BATON ROUGE, LA -- AUGUST 24, 2012 – With Tropical Storm Isaac bearing down on the Gulf of Mexico, Commissioner of Agriculture and Forestry Mike Strain, D.V.M., is reminding both pet and livestock owners to prepare not only themselves but also their animals. “As you prepare to take care of your family, remember to plan ahead for the proper care of your pet or livestock during a storm,” Strain said.
Tips on how to prepare livestock for a hurricane or storm:
- Select a place on the property that is least likely to flood where livestock such as cattle and horses can quickly and easily be moved when a hurricane or other severe weather threatens the area.
- Some owners may choose to trailer their expensive or genetically superior breeding stock and bring the animals with them during an evacuation.
“If this storm threatens Louisiana and you live in a low-lying area where flooding could be a possibility, it is imperative you make arrangements ahead of time and know where you are going with those animals,” Strain said. “You can’t show up at just any shelter with a trailer full of horses or cows. Some shelters are not set up to accommodate animals, either pets or livestock,” added Strain.
It’s important for livestock owners who plan to evacuate with a trailer of animals to leave as early as possible. Strain said now is the time to make sure livestock trailers are in good working order and ready for an unexpected road trip. Check the tire pressure and the rubber for wear, test brake and running lights, and inspect the overall condition of the trailer.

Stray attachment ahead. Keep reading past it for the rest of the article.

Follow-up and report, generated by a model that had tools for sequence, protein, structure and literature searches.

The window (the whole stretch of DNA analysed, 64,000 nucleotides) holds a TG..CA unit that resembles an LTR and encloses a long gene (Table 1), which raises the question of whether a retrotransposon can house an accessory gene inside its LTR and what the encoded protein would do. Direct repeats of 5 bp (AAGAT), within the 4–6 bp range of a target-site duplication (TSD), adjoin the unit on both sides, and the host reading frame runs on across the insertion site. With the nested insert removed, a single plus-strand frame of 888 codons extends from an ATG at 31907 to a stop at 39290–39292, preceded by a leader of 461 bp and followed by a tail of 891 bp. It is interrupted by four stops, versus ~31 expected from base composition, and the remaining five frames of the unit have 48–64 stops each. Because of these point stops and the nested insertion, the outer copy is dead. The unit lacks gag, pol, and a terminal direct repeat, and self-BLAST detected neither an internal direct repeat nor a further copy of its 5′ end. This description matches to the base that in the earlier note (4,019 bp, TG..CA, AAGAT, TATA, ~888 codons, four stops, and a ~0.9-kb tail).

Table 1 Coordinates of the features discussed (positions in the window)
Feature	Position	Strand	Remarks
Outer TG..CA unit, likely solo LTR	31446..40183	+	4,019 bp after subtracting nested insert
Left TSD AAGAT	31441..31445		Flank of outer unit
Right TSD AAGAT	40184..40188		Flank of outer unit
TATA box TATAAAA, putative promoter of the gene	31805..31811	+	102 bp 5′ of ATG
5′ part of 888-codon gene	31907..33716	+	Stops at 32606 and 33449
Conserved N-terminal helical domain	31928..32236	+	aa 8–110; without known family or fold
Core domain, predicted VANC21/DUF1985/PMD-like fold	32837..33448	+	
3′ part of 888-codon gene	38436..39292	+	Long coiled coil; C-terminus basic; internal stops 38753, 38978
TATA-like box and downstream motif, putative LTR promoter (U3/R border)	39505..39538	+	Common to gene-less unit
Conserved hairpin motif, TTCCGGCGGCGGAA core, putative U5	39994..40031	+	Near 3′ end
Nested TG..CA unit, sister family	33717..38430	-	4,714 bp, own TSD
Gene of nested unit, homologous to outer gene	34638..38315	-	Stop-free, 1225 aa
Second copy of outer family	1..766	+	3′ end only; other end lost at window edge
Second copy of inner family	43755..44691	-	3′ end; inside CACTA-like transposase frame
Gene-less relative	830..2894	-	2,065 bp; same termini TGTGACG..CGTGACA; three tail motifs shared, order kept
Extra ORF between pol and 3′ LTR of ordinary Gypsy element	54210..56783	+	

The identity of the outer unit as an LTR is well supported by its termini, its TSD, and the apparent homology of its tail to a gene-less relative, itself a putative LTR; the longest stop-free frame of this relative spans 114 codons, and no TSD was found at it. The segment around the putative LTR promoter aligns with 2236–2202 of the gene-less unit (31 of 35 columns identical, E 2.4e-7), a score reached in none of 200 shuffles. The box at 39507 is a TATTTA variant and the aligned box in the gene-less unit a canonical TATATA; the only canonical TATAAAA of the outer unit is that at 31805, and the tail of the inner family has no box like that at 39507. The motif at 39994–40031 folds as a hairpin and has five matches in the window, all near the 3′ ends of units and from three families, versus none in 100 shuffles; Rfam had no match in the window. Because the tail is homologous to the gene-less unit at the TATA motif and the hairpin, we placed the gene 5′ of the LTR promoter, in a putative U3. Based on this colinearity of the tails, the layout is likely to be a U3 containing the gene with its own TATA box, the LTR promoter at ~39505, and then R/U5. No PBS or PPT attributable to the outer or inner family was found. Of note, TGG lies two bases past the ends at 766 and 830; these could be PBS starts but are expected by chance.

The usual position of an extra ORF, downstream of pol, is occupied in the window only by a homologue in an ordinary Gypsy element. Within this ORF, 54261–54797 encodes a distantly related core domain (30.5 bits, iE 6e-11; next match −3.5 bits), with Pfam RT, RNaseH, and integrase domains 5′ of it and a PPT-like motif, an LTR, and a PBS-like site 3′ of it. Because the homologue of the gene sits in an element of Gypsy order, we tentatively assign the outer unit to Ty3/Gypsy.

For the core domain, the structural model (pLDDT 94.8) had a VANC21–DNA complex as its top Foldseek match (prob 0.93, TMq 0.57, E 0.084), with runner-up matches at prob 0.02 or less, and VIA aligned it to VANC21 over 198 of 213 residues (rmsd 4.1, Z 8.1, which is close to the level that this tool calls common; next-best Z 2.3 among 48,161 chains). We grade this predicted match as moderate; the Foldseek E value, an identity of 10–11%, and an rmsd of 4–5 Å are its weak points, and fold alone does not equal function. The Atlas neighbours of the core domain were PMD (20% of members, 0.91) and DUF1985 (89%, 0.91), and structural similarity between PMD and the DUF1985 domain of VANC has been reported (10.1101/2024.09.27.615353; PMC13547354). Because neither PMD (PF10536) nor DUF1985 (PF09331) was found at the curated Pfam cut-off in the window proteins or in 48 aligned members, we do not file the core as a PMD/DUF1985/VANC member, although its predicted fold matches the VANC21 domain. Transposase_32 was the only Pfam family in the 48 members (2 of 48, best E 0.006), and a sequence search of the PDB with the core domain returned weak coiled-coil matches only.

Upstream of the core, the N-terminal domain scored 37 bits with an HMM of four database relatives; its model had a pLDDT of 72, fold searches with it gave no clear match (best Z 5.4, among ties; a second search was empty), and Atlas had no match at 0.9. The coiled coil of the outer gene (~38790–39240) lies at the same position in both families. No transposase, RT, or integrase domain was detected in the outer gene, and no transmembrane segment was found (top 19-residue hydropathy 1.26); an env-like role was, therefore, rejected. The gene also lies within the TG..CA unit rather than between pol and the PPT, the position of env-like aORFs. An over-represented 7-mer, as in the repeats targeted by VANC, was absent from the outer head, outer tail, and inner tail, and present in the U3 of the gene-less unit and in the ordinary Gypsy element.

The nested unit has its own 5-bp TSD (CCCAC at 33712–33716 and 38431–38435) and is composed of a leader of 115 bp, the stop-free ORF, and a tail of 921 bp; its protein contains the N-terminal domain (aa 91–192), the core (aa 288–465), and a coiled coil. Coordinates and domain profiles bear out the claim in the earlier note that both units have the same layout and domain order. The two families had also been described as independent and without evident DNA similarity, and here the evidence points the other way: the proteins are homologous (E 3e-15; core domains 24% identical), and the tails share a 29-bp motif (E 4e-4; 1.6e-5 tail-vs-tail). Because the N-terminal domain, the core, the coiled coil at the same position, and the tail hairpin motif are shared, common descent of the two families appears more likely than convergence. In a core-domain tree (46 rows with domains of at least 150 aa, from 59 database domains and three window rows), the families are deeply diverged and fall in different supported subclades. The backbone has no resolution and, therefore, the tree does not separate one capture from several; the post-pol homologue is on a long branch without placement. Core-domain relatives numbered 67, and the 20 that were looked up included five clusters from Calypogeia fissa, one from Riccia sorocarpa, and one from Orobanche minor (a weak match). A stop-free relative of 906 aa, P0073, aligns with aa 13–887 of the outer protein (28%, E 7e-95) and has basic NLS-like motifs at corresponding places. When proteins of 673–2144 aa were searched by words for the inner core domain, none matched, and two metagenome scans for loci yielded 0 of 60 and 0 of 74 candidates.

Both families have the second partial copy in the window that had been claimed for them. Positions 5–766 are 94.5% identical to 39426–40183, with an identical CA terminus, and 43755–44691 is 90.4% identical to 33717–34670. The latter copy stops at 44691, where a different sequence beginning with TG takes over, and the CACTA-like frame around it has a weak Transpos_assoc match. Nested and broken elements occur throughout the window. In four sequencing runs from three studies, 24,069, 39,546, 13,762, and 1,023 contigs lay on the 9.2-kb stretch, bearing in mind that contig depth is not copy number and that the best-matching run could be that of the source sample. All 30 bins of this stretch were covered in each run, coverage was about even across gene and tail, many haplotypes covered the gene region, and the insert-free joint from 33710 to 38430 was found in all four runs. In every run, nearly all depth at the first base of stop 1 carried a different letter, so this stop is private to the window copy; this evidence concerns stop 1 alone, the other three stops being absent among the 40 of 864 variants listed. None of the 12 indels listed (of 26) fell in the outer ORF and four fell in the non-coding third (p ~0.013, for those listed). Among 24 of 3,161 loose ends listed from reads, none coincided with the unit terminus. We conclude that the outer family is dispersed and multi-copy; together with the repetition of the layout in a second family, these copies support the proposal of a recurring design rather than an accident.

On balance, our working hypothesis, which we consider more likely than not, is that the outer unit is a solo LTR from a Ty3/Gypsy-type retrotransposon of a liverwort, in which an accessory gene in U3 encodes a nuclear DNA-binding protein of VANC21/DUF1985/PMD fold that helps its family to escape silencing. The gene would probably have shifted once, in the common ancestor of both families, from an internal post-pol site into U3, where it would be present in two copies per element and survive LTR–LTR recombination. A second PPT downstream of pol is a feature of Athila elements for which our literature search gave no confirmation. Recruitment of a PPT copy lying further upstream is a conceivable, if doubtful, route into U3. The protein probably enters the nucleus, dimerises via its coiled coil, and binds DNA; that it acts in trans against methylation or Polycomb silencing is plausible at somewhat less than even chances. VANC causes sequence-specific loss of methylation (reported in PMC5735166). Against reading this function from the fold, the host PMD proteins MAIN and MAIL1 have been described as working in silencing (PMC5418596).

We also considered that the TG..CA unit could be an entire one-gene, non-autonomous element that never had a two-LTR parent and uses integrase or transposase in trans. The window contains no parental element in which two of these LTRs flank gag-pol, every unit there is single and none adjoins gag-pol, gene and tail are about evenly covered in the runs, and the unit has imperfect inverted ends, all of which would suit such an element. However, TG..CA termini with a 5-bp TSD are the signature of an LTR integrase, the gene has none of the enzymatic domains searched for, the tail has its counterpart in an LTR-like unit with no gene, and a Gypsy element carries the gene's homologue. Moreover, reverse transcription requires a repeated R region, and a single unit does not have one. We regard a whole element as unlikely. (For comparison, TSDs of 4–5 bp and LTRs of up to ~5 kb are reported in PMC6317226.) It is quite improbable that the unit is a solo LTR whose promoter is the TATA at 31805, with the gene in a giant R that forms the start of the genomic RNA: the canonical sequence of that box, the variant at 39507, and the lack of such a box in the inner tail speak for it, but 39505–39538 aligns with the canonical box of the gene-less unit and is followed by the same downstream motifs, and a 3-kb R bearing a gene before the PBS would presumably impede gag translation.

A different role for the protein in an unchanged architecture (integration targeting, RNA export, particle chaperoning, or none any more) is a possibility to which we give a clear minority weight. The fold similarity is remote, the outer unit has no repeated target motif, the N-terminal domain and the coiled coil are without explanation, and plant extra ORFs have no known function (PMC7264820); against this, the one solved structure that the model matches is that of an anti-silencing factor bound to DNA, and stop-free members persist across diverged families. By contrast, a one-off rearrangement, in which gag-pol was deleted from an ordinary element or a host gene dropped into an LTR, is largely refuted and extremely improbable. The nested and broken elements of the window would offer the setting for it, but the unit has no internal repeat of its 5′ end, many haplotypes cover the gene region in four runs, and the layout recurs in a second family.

Important items to take during an evacuation include:
- Proper identification for livestock
- Health records (especially proof of Equine Infectious Anemia (EIA) testing for horses)
- Several days’ supply of feed
- Water for the evacuation route
- Special medications
- Bridles or leads
- Kennels or crates for smaller or domestic animals
Exotic pets, such as snakes and lizards, should be contained at all times and owners need to bring extension cords for plugging in heat rocks and lamps.
Livestock owners who run into problems with their preparations can call their local Office of Emergency Preparedness (OEP) for a list of veterinarians or other assistance.